Though the U-2 celebrated its 60th anniversary last year, today’s U-2S model is much newer than even many legacy fighter fleets and boasts a glass cockpit, state-of-the-art sensors, and recently completed structural upgrades to decrease the effects of high altitude on pilots.

Regardless of its ultimate fate, since the U-2S is technically earmarked for divestiture, the service is “prohibited from spending new money on new advancements” without explicit permission from the Secretary of the Air Force, said Halford. “The upgrades that we’re working on right now are really on a glide slope to keep us very viable up through 2019.” Most of the specially requested funds are going toward sensor improvement projects that are either already far along or not specific to the U-2 alone. Other efforts include finding replacement suppliers for specialized, out-of-production components. Halford described this as “unique equipment, and we need to make certain that the supply chain and fundamentals of the aircraft stay safe and solid through the end.”

Sustaining the U-2 presents another challenge. While there’s no formal contingency plan for keeping the aircraft beyond 2019, the fleet has an estimated 40 years of serviceable life left.

The threat environment and political turbulence present the real possibility the U-2 may see its expected retirement delayed yet again. “We’re not banking anything to get us beyond 2019, but we’re also trying to hedge such that we’re not hollow when we get there, in case, as before, it ends up being continued,” Halford said.

The U-2 community has become adept at dealing in uncertainty and has kept the aircraft on a solid path. Infrastructure and quality of life investments for airmen supporting the mission have been more challenging. Investment in ancillary improvements, such as dormitories to house personnel at forward operating locations, are “such a long lead time item, and such a significant infrastructure investment that everybody goes, ‘Well, OK, you’re on again-off again every five years,’?” so we’ll allocate the funds elsewhere, said Halford. But “it’s those kinds of things that set the foundation for the program and allow us to care for our airmen,” he said.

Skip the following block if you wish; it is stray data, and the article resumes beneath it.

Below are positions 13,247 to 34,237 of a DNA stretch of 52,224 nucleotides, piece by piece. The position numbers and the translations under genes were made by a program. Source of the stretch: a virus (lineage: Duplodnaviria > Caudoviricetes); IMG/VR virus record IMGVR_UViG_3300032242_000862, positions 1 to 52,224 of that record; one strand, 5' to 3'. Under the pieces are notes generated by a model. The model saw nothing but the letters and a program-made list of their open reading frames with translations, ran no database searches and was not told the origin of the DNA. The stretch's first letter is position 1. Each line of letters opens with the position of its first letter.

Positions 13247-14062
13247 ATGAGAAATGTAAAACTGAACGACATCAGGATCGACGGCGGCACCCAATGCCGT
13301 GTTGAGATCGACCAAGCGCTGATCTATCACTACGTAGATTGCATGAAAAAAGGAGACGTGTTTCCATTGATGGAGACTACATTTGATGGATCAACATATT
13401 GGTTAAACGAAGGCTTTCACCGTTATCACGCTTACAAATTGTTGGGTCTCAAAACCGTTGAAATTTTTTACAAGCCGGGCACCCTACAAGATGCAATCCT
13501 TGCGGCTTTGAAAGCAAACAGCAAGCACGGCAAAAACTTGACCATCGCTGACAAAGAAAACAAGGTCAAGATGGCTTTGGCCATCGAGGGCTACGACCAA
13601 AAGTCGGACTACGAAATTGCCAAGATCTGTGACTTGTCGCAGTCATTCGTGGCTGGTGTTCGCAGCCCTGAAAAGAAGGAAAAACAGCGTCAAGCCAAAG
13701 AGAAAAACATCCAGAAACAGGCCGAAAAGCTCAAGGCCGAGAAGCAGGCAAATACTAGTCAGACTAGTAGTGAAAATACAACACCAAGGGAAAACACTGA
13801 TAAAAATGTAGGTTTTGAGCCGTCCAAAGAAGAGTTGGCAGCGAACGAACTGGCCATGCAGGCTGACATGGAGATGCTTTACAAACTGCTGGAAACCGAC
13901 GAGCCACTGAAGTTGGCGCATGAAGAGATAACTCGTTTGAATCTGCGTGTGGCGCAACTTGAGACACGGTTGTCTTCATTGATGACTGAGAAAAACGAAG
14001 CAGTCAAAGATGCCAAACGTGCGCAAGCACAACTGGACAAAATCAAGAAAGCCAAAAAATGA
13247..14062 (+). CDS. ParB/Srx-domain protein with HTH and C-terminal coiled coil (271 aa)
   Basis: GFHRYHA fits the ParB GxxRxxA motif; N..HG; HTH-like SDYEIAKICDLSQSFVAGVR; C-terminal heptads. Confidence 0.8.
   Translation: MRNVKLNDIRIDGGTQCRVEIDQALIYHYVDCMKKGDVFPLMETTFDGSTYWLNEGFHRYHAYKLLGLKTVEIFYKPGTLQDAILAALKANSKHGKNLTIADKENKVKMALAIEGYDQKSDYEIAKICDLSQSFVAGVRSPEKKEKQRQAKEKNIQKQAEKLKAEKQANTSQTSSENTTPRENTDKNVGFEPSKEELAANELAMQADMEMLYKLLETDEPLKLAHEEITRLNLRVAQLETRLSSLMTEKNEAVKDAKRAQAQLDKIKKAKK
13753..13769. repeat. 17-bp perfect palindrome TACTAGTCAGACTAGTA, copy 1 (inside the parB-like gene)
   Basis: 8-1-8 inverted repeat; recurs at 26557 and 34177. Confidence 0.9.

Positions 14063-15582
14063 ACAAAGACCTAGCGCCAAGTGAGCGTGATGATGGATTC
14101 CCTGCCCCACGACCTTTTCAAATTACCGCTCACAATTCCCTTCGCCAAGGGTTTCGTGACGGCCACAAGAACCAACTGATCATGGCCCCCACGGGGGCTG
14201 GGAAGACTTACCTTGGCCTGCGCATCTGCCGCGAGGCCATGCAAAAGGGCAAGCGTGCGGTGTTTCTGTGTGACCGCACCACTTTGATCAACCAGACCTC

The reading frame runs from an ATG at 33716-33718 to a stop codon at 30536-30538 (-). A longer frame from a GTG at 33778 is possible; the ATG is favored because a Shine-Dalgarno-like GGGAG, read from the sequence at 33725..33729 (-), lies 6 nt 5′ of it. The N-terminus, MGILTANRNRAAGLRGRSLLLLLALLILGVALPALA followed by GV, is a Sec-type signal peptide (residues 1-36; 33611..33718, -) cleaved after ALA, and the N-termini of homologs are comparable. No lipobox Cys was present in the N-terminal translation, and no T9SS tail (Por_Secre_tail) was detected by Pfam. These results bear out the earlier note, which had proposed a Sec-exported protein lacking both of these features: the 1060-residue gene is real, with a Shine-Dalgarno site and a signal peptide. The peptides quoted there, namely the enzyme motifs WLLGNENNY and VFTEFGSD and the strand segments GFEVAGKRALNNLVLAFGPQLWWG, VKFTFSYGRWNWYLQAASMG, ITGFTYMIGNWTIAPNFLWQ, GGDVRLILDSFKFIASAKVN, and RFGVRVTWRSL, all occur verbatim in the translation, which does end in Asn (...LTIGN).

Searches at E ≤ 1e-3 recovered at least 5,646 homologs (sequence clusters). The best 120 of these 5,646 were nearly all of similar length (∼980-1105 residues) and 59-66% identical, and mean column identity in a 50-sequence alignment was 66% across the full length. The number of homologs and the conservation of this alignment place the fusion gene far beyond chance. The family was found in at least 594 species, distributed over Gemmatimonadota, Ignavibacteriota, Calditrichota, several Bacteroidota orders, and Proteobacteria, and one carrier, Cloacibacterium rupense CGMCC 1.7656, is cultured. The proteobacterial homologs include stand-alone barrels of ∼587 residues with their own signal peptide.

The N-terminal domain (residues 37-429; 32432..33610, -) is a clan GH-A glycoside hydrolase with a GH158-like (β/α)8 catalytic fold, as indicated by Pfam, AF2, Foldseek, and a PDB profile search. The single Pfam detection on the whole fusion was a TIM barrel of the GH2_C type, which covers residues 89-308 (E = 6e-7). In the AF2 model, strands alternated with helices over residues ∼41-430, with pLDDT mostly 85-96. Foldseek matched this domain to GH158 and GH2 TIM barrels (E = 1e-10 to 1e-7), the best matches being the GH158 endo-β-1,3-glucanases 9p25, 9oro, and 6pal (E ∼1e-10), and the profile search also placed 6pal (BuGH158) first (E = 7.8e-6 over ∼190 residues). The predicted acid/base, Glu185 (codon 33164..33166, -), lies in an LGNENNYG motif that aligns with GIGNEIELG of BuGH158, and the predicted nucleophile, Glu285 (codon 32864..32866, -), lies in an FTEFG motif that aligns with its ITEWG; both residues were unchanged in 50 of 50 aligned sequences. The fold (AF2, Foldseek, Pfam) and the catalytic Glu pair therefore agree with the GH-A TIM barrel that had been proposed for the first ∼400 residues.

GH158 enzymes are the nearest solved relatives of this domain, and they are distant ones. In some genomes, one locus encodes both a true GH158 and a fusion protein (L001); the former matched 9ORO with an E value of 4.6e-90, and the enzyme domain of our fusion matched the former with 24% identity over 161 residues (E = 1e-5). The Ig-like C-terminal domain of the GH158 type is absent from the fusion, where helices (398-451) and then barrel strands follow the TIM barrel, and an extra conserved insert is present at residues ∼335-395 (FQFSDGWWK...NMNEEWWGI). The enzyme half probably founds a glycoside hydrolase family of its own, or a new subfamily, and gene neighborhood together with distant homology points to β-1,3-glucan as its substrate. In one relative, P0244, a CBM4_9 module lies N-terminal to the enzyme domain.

Scariest Places

Lockheed Martin’s Skunk Works—the U-2’s original designer—announced last year it is undertaking an independent study into developing a possible follow-on to the spyplane, dubbed TR-X. The aircraft would combine the U-2’s best features with new capabilities and characteristics suited to future threats and missions.

“I think it’s exciting that industry is coming up with ideas on how we can modernize,” Lt. Gen. Robert P. “Bob” Otto, deputy chief of staff for ISR, said at a roundtable in Washington, D.C., last October. In evaluating any potential successor to the platforms—which Otto noted have substantial service life and viability remaining—USAF must ask, “What gap would it fill?”

The Air Force is focused on developing concepts, tactics, and technology to conduct high-altitude ISR in highly contested airspace. Whatever the next high-altitude platform is, the service wants it to “be able to be used in anti-access, area-denial-type environments, which we expect to be more lethal than they are today,” stipulated Otto. A future unmanned, or optionally manned, platform must improve beyond Global Hawk, to be capable in nearly all weather, incorporating advanced collision avoidance features.

“Then we need exquisite sensors that allow us to either stand in, and allow us to do the observation from a Geoint and signals intelligence perspective, or stand out and have the range to be able to do those things” outside the reach of adversaries’ defenses, he said.

12th RS commander Church said, “We have a very difficult problem … finding, fixing, and tracking mobile targets in an A2/AD environment.” Strike aircraft cannot loiter in heavily defended airspace, and to quickly and precisely transfer data without losing a target is critical in the high-end fight. “To be able to help our brothers and sisters who will be going into the scariest environment imaginable, we need some way to be able to pass them the coordinates in a very expeditious manner,” he said. “Given the appropriate sensors, it’s something that we can do from a stand-off” distance with the U-2 and Global Hawk. Although it is a “very, very difficult problem to solve,” Church said he is confident that with the right mix of tactics and technology, the Air Force can achieve it.